Medieval-era re-enactment delights Pittsburgh Renaissance Festival fans
Vendors hawked period wares as food on sticks – and other delights – floated past dueling, singing and a jousting tournament on Sunday at the annual Pittsburgh Renaissance Festival in South Huntingdon.
Blairsville’s Scott Walton was among dozens of actors and performers draped in medieval attire for the festival, which runs until the end of September on a 22-acre site including outbuildings designed to replicate 16th-century England century.
Playing out a festival script, Walton, as King Henry VIII, explained how he would spend the next month distracting his heir from fascination with life as a buccaneer.
“Our yearly progression stopped here for a festival they have with the peasants, but I have a problem with the pirates,” he said as he walked through his realm. “My son, Fitzroy, wants to be a pirate, not a knight.”
Kristy Ekiss has been the festival’s operations director for the past 15 years and said interest in medieval times has grown over the past decade.
“It’s an idea that started in the 1970s, and now these festivals are in every state in the country. Most are independently owned,” Ekiss said.
Actors and performers aren’t the only ones in costume. Visitors also dress according to the theme.
Sadie Adams, 24, of Finleyville, and her friend Avea Karmann, of the Greenfield neighborhood of Pittsburgh, came out dressed in period clothing.
“It’s one of the few times, other than Halloween, that we get to dress up,” said Adams, who described her Sleeping Beauty costume “during the first half of the movie.”
Josh Brubaker, from Bellevue, was in full dress attire dressed as a wizard of the forest.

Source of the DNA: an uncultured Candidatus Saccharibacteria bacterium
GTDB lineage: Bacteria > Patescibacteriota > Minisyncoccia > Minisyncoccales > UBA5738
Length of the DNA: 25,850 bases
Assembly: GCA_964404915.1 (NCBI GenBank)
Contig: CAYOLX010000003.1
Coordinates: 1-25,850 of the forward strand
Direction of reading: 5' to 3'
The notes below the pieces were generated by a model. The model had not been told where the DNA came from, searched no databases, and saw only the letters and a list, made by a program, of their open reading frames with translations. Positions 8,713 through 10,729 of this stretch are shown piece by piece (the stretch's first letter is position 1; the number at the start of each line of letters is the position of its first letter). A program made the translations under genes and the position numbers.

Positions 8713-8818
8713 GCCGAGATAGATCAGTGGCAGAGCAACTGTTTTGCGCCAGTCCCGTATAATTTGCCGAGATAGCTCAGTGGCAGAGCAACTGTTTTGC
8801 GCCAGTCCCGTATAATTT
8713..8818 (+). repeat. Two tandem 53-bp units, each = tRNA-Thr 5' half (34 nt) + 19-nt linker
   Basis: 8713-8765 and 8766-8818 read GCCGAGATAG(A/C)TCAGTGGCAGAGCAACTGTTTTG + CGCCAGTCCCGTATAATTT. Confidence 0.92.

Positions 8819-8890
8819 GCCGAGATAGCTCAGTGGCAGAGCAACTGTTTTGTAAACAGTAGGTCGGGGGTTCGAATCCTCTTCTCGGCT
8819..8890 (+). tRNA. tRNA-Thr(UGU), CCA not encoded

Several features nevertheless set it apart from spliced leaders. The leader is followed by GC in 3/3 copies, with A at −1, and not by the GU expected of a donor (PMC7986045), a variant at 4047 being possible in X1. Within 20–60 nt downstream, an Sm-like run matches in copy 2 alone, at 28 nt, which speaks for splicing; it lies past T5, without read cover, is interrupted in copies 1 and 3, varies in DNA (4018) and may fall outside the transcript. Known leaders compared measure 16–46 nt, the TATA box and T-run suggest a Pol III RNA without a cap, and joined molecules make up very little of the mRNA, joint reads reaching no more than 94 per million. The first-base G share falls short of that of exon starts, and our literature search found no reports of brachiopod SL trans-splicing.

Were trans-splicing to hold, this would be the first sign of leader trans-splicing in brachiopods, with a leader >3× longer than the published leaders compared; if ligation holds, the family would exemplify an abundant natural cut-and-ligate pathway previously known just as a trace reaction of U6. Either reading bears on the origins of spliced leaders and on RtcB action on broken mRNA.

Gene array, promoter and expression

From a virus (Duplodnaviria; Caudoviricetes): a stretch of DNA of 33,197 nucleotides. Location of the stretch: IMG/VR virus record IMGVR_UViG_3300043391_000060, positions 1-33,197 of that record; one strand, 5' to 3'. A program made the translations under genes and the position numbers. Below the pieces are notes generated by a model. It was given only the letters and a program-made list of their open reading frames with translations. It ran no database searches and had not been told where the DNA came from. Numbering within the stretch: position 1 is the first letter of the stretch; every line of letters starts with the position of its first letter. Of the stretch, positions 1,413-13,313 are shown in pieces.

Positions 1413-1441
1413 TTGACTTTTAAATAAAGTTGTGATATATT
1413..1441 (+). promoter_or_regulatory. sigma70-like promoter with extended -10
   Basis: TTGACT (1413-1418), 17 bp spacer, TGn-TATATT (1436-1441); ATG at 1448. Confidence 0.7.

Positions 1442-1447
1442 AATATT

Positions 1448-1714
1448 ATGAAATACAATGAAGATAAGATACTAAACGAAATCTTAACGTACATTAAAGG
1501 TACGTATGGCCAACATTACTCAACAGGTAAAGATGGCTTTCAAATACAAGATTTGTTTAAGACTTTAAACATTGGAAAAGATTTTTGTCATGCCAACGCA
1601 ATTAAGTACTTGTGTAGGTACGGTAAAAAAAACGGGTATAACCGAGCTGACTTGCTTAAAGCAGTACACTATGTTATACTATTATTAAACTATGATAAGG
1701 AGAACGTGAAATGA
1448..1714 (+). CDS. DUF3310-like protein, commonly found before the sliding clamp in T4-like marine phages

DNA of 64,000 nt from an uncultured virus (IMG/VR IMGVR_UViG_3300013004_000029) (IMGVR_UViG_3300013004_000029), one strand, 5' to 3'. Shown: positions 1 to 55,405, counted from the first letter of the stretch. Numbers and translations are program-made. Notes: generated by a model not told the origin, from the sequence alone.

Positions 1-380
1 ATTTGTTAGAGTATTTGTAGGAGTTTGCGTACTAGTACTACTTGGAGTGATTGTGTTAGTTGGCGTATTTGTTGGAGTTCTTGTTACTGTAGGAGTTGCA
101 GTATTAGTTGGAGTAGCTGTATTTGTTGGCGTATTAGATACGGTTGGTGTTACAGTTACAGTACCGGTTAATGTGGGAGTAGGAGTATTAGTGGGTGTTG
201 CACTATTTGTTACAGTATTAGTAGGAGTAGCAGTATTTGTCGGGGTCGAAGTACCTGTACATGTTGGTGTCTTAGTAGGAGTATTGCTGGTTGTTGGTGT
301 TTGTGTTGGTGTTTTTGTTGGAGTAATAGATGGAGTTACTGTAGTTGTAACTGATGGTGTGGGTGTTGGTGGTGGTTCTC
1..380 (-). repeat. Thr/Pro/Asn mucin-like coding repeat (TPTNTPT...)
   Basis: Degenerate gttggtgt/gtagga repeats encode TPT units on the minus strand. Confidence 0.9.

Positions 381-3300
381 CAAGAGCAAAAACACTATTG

“It’s the right time and the right place. I can’t imagine coming here and not getting dressed,” Brubaker said.
Her hand-sewn outfit started out as a green costume that evolved over the years to include capes and a flower-covered cane. During the week, Brubaker runs a beer shop. In late summer and early fall weekends, it’s a wizard.
“I try to get out here once a weekend while it’s running,” Brubaker said.
Walton has performed at the Pittsburgh Renaissance Festival since its debut over a decade ago and as King for the past five years.
He became a performer after initially attending the festival as a patron, he said.
When he’s not acting as a king, Walton, who grew up in Greensburg, performs in community theater and has had guest roles in films shot in the Pittsburgh area.
He said his involvement has grown over the years and he now helps craft the plot of the king that serves as the story of each year’s festival.
“The best thing ever is to see the kids light up when they realize they’re going to be knights,” Walton said.
Montrealer Etienne McGinley is making his first appearance at the festival this year. McGinley’s acrobatic routine includes handstand tricks, knife juggling and other dexterity shows he said he learned while working as a circus clown and performing on cruise ships.
McGinley worked at other Renaissance festivals, including one hosted by the same owners in Colorado, and said he looked forward to the crowds in western Pennsylvania.
“Everyone is so laid back here,” McGinley said.
Through the village, Mike Hauser, his wife, Christine, and their 11-year-old son, Devon, from Indiana, dressed as medieval-era peasants and marveling at mounted knights joust before the king and queen.
“I’ve always been in this period,” Mike Hauser said.
His wife added: “Sometimes you feel like you were born at the wrong time.”